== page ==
Quantcast
Energy

This One Chart Says It All for the Future of Solar Energy

One graphic says so much about how far solar has come and how bright its future looks.

A friend and former colleague—my business partner from when I worked in solar—recently shared a graph showing the drop in the prices of solar panels and the growth in worldwide installations of solar.

Photo credit: Treehugger

My buddy pointed out where prices stood at the beginning of the period shown in the graph, 40 years ago; what panels cost when he launched operations in one Latin American country 30 years ago; and where things were when he and I launched another operation a decade later. And he mentioned the incredibly low price he had paid, just the day before, for modules to feed one of those operations.

Those declining cost numbers—the steady move toward lower and lower prices for solar panels—tell an amazing story about an industry that has been relentless in its pursuit of relevance, in its drive to become a mainstream power option. The steady ramp-up in solar installation numbers shows how successful that effort’s been.

How Green is My Valley

The juxtaposition of the two data streams hints at the virtuous cycle fueled by policies that have driven more installations, cost drops that have resulted from greater scale, new policies made possible by lower prices, more installations, even lower costs, …

What struck me in looking at those data was the valley nature of the graphs together.

As a former entrepreneur, I’m acutely aware of the “valley of death” in business. Not the Psalm 23 type and not the version that awaits the unfortunates in a Tennyson-style Light Brigade charge. In business, it refers to the valley (sometimes wide and deep) between a business venture’s proof of concept and its commercial success.

What I see in the solar graphic, by contrast, is a story of progress and achievement. A picture of ruddy health, of success. A valley of life, if you will.

That’s not to say that individual solar companies won’t have troubles along the way (SunEdison’s bankruptcy, for example) or that individual solar projects won’t hit some speed bumps (as in the recent mishap at the otherwise impressive Ivanpah CSP facility).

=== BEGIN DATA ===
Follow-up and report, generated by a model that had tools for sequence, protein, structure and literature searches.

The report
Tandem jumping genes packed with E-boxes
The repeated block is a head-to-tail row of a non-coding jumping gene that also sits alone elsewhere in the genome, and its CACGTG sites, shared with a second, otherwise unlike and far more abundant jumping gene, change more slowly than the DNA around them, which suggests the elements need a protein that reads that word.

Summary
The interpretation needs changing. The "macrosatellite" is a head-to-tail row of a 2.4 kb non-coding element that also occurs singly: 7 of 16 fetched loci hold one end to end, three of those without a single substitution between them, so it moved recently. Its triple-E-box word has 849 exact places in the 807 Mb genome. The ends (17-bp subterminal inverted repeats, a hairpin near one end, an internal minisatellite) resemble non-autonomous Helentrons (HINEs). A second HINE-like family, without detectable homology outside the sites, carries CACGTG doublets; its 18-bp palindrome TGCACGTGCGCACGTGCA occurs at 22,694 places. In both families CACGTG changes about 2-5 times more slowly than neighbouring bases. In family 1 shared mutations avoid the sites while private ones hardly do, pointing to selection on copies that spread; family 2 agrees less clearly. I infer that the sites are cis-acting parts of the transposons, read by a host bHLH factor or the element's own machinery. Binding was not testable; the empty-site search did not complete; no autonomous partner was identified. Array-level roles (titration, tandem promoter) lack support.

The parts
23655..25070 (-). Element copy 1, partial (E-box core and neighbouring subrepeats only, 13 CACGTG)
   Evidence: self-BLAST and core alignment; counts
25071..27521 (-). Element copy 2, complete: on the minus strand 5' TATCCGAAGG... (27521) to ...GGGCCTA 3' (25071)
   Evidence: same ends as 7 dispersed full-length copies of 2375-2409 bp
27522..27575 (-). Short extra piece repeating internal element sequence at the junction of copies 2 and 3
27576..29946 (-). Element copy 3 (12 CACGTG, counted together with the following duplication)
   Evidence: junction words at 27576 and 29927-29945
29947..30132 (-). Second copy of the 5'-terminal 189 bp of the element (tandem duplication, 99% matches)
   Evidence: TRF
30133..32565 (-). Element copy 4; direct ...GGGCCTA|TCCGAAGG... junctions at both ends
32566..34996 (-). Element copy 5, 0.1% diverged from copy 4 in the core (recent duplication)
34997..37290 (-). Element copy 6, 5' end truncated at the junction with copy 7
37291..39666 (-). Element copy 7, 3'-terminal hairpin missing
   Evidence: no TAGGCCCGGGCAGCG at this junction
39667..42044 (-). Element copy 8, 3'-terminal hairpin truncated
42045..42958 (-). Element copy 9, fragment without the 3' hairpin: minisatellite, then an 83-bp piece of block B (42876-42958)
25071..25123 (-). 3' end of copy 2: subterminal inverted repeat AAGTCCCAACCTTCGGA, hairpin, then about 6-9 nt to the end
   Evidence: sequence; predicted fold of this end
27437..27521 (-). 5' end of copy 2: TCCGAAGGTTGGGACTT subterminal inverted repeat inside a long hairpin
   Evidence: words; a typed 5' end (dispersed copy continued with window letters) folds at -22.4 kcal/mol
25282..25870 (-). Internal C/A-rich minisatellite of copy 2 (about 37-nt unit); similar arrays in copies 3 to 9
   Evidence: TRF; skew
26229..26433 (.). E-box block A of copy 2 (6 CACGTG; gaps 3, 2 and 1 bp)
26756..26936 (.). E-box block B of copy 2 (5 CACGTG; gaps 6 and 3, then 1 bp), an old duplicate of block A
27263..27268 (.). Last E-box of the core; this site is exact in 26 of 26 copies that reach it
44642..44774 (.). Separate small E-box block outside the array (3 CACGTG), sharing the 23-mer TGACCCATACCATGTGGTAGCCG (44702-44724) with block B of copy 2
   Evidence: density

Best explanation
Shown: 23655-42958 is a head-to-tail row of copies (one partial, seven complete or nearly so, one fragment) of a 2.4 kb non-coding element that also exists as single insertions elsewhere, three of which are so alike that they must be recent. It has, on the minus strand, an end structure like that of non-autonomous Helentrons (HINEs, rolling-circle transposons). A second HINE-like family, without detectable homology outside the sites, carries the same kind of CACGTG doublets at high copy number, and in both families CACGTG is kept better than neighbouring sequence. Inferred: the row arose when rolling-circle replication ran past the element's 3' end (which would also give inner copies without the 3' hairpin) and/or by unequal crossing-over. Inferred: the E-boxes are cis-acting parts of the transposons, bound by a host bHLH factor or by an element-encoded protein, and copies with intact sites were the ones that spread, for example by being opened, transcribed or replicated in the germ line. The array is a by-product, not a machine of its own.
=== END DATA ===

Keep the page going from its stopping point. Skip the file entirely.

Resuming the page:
Photo credit: GRID Alternatives

But solar’s valley of life is such a powerful topographical feature that it’s worth keeping in mind as we think about technologies and options for cleaning up our energy, about how well policies and innovation and customers and companies can fit together when the stars align.

Solar is now an important contributor not just to the power grid in leading states, but also to economic development and job creation. And, thanks to cost reductions, state policies and the extension of the important federal tax credits for it and other renewables, solar is set to have another record-breaking year in the U.S. in 2016.

So the valley of life seems set to keep getting deeper, as solar costs and prices continue to drop and taller, as solar installations soar.

Those price drops help my old colleagues and the rest of the solar industry, do their thing and helps in the important work of expanding solar’s reach. And all that in turn helps us to move toward the clean energy mix that will serve us all so well economically, security-wise, environmentally.

The solar valley sure seems like a landscape feature worth embracing. To life!

John Rogers is a senior energy analyst at the Union of Concerned Scientists with expertise in renewable energy and energy efficiency technologies and policies.

Show Comments ()
Sponsored
Popular
South Carolina United Turtle Enthusiasts (S.C.U.T.E) unearthed three baby loggerheads after a nest inventory at Pawleys Island beach. Lorraine Chow

Sea Turtle Population Rebounding But Many Threats Remain

A new study published in Science Advances has found that most global sea turtles populations are recovering after historical declines.

The results from the analysis suggest that conservation programs actually work, and why we must defend the Endangered Species Act (ESA) that protects vulnerable plants and animals, and is currently under attack by political and business interests.

Keep reading... Show less
Popular
www.youtube.com

Baby Rhino Brings New Hope to India’s Manas National Park